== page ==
Validity and reliability of an occupational exposure questionnaire for parkinsonism in welders

Angela J. Hobson, David A. Sterling, Brett Emo, Bradley A. Evanoff, Callen S. Sterling, Laura Good, Noah Seixas, Harvey Checkoway, Brad A. Racette

Research output: Contribution to journalArticlepeer-review

29 Scopus citations


This study assessed the validity and test-retest reliability of a medical and occupational history questionnaire for workers performing welding in the shipyard industry. This self-report questionnaire was developed for an epidemiologic study of the risk of parkinsonism in welders. Validity participants recruited from three similar shipyards were asked to give consent for access to personnel files and complete the questionnaire. Responses on the questionnaire were compared with information extracted from personnel records. Reliability participants were recruited from the same shipyards and were asked to complete the questionnaire at two different times approximately 4 weeks apart. Percent agreement, kappa, intraclass correlation coefficient (ICC), and sensitivity and specificity were used as measures of validity and/or reliability. Personnel files were obtained for 101 of 143 participants (70%) in the validity study, and 56 of the 95 (58.9%) participants in the reliability study completed the retest of the questionnaire. Validity scores for items extracted from personnel files were high. Percent agreement for employment dates and job titles ranged from 83-100%, while ICC for start and stop dates ranged from 0.93-0.99. Sensitivity and specificity for current job title ranged from 0.5-1.0. Reliability scores for demographic, medical and health behavior items were mainly moderate or high, but ranged from 0.19 to 1.0. Most recent job/title items such as title, types of welding performed, and material used showed substantial to perfect agreement. Certain determinants of exposure such as days and hours per week exposed to welding fumes demonstrated mainly moderate agreement (κ = 0.42-0.47, percent agreement 63-77%); however, mean days and hours reported did not differ between test and retest. The results of this study suggest that participants' self-report for job title and dates employed are valid compared with employer records. While kappa scores were low for some medical conditions and for caffeine consumption, high kappa scores for job title, dates worked, types of welding, and materials welded suggest participants generated reproducible answers important for occupational exposure assessment.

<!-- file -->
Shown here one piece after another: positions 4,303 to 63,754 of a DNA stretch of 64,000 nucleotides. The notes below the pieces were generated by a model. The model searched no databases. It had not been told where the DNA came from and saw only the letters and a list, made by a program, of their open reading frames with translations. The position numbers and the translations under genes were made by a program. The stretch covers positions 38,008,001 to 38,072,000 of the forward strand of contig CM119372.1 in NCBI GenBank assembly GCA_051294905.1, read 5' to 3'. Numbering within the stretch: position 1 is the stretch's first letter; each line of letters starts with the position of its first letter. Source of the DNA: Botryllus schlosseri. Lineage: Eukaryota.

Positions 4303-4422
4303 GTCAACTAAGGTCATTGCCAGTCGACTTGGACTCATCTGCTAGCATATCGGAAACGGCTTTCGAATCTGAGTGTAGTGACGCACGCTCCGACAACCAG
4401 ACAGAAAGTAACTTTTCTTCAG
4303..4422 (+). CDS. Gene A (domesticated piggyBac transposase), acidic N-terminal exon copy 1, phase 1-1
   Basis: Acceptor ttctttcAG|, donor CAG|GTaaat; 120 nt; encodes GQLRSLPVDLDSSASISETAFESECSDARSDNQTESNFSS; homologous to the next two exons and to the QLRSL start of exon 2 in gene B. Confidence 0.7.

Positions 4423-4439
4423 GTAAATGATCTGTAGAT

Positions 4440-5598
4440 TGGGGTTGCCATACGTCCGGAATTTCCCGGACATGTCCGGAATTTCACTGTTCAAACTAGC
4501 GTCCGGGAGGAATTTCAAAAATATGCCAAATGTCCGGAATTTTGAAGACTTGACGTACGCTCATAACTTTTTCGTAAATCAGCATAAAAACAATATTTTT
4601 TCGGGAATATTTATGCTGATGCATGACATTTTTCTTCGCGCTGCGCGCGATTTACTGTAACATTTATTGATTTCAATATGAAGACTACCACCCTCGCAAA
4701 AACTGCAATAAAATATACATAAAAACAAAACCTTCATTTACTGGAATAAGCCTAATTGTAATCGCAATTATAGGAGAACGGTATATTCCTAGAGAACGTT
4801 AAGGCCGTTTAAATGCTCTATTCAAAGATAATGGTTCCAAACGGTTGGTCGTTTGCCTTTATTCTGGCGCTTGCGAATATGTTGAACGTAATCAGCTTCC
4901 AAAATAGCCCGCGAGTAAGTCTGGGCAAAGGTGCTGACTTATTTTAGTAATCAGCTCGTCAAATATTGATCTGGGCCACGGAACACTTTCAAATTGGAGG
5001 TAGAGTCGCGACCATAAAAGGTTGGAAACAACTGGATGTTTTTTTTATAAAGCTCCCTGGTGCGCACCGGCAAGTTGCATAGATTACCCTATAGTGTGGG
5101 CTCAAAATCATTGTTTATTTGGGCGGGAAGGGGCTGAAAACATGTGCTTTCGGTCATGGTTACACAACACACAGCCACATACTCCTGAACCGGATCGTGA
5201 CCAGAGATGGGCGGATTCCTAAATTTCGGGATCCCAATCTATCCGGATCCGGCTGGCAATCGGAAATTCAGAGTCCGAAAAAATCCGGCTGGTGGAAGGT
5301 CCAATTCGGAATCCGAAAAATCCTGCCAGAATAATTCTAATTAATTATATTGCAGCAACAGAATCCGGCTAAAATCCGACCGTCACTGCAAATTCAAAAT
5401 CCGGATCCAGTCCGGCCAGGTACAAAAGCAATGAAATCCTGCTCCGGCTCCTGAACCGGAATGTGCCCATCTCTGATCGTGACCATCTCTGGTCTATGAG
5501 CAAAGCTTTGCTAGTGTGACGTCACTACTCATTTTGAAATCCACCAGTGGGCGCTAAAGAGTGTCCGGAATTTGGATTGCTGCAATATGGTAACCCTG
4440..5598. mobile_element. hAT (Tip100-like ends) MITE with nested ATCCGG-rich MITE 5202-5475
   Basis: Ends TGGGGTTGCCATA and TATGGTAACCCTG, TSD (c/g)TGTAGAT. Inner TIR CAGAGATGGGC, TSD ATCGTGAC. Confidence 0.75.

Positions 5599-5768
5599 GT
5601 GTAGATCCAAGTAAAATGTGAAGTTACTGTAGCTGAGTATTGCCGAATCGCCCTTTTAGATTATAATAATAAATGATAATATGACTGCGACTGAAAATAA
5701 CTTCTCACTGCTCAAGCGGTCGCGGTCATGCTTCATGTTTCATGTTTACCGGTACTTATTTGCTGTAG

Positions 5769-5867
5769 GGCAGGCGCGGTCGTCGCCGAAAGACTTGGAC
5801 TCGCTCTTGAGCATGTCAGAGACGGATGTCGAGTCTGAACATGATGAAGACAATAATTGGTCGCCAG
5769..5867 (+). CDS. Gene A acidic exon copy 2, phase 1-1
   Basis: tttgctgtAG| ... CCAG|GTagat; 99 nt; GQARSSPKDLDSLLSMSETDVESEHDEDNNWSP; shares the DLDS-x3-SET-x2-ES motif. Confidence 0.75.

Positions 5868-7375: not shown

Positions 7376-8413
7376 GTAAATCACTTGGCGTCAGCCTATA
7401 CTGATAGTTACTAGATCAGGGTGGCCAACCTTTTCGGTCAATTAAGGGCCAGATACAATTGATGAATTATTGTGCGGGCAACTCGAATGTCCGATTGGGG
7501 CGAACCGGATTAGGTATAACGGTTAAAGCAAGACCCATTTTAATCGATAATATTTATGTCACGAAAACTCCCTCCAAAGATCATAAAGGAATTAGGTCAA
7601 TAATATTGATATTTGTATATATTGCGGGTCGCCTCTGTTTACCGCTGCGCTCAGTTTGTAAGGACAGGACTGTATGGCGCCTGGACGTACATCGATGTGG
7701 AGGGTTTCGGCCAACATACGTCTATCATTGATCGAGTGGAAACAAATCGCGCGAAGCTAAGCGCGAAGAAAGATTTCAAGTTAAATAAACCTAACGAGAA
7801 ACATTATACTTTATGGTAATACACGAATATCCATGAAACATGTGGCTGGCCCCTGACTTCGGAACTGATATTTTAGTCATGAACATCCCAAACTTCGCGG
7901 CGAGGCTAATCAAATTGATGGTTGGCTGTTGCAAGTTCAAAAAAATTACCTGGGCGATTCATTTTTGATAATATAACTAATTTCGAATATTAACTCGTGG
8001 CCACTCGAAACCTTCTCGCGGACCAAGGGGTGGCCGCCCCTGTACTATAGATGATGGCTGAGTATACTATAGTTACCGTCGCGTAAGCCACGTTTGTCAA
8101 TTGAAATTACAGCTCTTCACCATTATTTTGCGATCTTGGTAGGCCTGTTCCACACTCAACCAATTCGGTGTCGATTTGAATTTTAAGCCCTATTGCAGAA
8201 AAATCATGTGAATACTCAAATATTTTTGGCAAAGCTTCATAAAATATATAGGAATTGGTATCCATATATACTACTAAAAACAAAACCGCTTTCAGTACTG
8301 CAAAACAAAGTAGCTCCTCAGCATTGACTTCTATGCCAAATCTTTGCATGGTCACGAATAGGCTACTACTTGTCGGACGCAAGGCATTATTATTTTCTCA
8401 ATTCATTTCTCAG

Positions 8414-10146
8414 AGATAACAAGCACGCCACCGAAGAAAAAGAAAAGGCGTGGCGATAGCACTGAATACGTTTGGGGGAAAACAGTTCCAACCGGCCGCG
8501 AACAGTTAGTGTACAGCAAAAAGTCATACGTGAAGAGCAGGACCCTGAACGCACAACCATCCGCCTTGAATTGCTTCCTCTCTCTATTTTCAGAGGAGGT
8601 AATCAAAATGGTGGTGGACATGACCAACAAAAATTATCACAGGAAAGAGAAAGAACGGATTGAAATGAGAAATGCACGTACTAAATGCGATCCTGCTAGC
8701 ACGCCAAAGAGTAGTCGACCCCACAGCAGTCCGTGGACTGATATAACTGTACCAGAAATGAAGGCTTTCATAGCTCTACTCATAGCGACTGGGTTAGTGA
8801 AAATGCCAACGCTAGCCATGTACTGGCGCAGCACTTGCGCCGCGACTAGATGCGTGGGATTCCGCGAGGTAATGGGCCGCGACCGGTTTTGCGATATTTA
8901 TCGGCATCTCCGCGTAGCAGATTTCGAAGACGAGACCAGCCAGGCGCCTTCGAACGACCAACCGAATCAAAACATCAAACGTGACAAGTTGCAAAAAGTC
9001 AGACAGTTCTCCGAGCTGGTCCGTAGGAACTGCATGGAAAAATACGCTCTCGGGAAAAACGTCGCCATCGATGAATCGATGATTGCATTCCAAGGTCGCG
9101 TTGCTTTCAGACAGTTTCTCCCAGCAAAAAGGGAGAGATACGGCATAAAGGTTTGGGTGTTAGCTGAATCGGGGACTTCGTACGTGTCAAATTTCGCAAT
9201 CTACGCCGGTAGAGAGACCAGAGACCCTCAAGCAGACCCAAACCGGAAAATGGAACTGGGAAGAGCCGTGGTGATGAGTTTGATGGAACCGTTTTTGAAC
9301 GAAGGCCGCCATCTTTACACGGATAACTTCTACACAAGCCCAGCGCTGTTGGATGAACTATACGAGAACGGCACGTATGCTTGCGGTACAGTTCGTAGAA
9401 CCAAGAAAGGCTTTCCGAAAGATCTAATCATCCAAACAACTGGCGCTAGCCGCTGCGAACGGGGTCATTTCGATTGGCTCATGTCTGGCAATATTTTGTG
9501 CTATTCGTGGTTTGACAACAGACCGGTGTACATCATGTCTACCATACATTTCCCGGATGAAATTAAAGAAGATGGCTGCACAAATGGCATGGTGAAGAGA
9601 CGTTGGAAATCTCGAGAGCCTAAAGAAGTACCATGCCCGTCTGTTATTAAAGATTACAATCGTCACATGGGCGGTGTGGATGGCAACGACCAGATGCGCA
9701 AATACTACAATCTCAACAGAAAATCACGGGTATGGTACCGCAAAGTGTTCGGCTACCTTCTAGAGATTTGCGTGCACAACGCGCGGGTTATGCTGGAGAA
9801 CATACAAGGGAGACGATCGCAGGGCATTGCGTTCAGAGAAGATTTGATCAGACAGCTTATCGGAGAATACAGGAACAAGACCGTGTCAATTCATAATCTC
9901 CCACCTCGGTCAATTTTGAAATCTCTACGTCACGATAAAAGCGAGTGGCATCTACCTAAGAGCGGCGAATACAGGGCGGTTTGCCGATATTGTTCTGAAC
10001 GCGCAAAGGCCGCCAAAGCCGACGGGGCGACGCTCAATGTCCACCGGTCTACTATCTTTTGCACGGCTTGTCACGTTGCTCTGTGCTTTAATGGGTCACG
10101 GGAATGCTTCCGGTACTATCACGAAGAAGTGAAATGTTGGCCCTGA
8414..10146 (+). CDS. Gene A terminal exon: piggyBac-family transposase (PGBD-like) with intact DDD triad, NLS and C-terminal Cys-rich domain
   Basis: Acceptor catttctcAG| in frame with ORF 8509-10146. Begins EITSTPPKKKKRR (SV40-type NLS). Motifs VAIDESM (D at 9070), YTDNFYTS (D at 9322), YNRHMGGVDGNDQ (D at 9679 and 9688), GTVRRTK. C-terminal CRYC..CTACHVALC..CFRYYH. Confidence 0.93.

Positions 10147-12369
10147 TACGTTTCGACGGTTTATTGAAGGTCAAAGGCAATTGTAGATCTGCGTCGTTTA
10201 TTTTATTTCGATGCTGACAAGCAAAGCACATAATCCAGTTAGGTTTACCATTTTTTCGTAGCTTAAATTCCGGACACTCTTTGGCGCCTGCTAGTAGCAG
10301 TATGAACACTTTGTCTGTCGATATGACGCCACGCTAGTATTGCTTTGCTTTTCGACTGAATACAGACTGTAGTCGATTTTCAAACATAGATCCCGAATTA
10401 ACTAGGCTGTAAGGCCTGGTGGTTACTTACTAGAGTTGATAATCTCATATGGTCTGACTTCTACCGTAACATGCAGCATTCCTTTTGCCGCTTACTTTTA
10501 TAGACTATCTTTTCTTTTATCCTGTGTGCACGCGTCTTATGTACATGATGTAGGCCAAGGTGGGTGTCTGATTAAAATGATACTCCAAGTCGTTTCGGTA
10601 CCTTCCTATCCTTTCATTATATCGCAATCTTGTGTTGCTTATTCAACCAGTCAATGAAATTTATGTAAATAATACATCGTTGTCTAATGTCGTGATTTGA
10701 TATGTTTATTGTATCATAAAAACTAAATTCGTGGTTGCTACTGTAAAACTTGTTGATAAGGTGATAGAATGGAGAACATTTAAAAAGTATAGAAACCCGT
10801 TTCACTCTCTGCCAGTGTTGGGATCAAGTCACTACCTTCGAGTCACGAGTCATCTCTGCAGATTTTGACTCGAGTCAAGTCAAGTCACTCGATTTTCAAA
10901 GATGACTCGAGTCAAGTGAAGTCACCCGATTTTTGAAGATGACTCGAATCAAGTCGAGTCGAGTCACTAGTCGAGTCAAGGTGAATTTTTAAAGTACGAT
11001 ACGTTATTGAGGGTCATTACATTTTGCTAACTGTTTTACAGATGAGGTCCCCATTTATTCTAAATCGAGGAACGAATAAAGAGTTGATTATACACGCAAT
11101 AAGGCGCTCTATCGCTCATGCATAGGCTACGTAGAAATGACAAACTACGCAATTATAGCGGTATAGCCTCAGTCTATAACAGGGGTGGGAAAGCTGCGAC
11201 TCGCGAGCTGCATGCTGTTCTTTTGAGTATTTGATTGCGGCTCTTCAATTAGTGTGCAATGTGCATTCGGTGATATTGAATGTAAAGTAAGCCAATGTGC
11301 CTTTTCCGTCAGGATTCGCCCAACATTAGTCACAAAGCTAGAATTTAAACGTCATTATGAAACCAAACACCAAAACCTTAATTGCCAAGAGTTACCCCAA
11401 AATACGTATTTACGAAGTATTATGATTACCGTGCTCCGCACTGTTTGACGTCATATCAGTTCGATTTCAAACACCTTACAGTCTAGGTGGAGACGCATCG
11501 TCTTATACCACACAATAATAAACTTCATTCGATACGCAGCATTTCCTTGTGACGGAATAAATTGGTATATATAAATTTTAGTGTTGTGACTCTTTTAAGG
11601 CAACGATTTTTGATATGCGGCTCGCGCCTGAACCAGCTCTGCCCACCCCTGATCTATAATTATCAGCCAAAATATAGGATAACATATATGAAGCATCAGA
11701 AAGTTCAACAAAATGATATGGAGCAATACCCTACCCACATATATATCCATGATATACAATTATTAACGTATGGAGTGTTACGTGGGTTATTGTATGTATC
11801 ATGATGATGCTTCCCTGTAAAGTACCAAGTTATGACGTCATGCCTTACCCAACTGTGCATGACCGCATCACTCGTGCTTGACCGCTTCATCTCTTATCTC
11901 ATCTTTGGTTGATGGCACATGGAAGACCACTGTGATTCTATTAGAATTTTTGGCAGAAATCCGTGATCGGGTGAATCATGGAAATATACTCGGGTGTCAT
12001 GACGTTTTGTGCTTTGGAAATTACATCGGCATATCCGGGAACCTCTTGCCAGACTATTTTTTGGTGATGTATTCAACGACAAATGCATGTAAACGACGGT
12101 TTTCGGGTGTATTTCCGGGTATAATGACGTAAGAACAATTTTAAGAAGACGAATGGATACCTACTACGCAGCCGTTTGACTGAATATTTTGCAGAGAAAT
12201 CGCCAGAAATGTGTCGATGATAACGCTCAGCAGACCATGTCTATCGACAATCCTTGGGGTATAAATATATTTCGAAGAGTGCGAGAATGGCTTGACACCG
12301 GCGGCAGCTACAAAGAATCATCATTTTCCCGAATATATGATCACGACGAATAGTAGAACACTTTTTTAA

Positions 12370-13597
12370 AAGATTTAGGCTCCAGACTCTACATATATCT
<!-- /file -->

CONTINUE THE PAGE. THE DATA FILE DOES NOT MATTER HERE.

Original languageEnglish
Pages (from-to)324-331
Number of pages8
JournalJournal of Occupational and Environmental Hygiene
Issue number6
StatePublished - Jun 2009


  • Parkinsonism
  • Self-report questionnaire
  • Test-retest reliability
  • Validity
  • Welding exposures


Dive into the research topics of 'Validity and reliability of an occupational exposure questionnaire for parkinsonism in welders'. Together they form a unique fingerprint.

Cite this